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Why We are Not Mourned

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                                                                 Why We are Not Mourned

On the other hand, why don't people line the streets to say goodbye to emergency responders, is it not our brothers and sisters who put there innocent lives on the line day in and day out? Sure we work a dangerous profession. For many public safety families, to serve and protect is a family tradition, like it was for my family.

And when one of our bravest die on the battlefield of emergency response do we ever see much of the media other than a few paragraphs in the local newspaper?

When it comes to our funerals, the news media is seldom around. In all due respect, look what it took to finally get national attention from the media, and to capture sympathy from the general public; more than 400 brave public safety members had to die on 9-11-01 in New York as they tried to save innocent lives at the World Trade Center.

However, let one public safety member do something that is considered out of line and like swarming bees on an open jar of honey, the media is at our doorsteps with cameras rolling. They will usually do their best to showcase officers that have fallen out of respect.

And that's okay as all public safety professionals have an unwavering obligation to conduct themselves within the laws that govern this wonderful country we call America. There are no exceptions. Tell me why we are looked down upon, we are called to help the public; sometimes at the worst moments of a persons life. We have to have hearts of steel, to make the right decisions regardless of the consequences. The law prevents us from shooting first and asking questions later. Often giving time for cold-blooded killers to blow us away.

It is us who search the streets for a murderer, child molester, a serial rapist, and other deadly criminals. We know serving arrest warrants on fugitives or disrupting violent family disputes can turn on us at any moment. We have many dead officers to prove we can be ambushed at any moment.

A simple traffic stop can turn deadly when we least expect any problems. For officers that travel alone on patrol at night, the likelihood of being in harm's way increases. We never know whether a person has just robbed a bank or killed someone.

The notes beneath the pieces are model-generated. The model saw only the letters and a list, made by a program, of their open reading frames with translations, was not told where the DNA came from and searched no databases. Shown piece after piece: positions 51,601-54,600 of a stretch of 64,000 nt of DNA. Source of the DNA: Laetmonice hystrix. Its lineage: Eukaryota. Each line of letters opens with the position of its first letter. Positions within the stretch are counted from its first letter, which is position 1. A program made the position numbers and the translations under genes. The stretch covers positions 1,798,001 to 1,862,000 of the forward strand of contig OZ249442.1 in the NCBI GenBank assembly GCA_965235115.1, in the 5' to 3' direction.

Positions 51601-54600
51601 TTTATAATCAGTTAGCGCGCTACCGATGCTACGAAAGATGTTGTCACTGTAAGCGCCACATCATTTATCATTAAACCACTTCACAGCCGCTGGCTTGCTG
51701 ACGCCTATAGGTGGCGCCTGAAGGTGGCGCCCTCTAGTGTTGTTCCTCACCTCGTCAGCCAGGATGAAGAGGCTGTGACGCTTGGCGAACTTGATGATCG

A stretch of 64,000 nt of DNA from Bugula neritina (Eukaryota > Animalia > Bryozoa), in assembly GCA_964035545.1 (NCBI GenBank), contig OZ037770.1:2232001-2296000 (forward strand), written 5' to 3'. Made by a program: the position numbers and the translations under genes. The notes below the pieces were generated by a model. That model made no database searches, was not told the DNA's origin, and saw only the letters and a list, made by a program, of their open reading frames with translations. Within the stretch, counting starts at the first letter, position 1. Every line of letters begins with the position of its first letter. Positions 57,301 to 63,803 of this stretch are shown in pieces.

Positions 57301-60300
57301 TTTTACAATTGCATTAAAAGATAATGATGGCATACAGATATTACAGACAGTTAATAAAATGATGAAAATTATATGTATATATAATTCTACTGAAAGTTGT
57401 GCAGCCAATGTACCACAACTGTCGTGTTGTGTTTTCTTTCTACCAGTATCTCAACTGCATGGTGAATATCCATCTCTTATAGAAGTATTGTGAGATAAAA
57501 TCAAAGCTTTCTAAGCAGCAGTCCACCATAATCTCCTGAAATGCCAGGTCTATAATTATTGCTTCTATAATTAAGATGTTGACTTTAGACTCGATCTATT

On a felony stop we have to be extremely cautious or lose our life if we get careless. It's a sub-conscious fear we must live with on patrol. And when appropriate we call for backup, provided we are not the only police officer on duty in our community. We cannot lose control on any incident; we are not allowed to force a suspect to obtain a confession.

It is the police officer, which is required to put on a bulletproof vest before a tour of duty. For the officer, it's a primary means to stop a bullet, to offer some degree of protection.

But that does not mean we will not be injured or even die when a shooter aims at our face or any other exposed body part not protected by the vest. It is us who walks through a darkened entry, where the threat is very real as some deranged predator may be waiting in hiding to gun us down. Like two days ago when Marion Louisiana's, Police officer Hector Gomez, was shot and killed with a 9mm pistol as he approached a vehicle in a ditch after a high-speed chase.

And all over a bogus check - three young men decided to flee and when cornered decided to take an officers life.

Is there any sense to such madness or man caring so little about the life of another human being?

A young 25 year-old police officer with less than a year on the Marion Police Department, a U.S. Army vet who served his country proudly. Now leaves behind a wife and unborn child.

He was the first officer lost in the History of Marion, Louisiana Police Department. Will the media attend his funeral and will the community of Marion turn out to offer their final respects? I sure hope so.

God bless all emergency responders around the world!

Dee Dee Serpas is a retired police officer from Kenner Police Department (Louisiana).  Currently, she is the President of the TAPS Memorial Web site.   Following in the footsteps of her great-grandfather, Sheriff Paul Berthelot, Sheriff of St. John the Baptist Parish, and that of her father, who was president of FOP Lodge 2 in the late 1950s, Dee Dee became a Police Officer. First with the East Jefferson Levee Board Police, she also joined the Kenner Police Department and was the only female to graduate from the academy that year. Later, she joined the Jefferson Parish Sheriffs Office as a street cop. This makes her the only known female in Louisiana to have held three commissions at the age of 21. Her first book, Behind the Badge in the Atchafalya Swap is due out soon.

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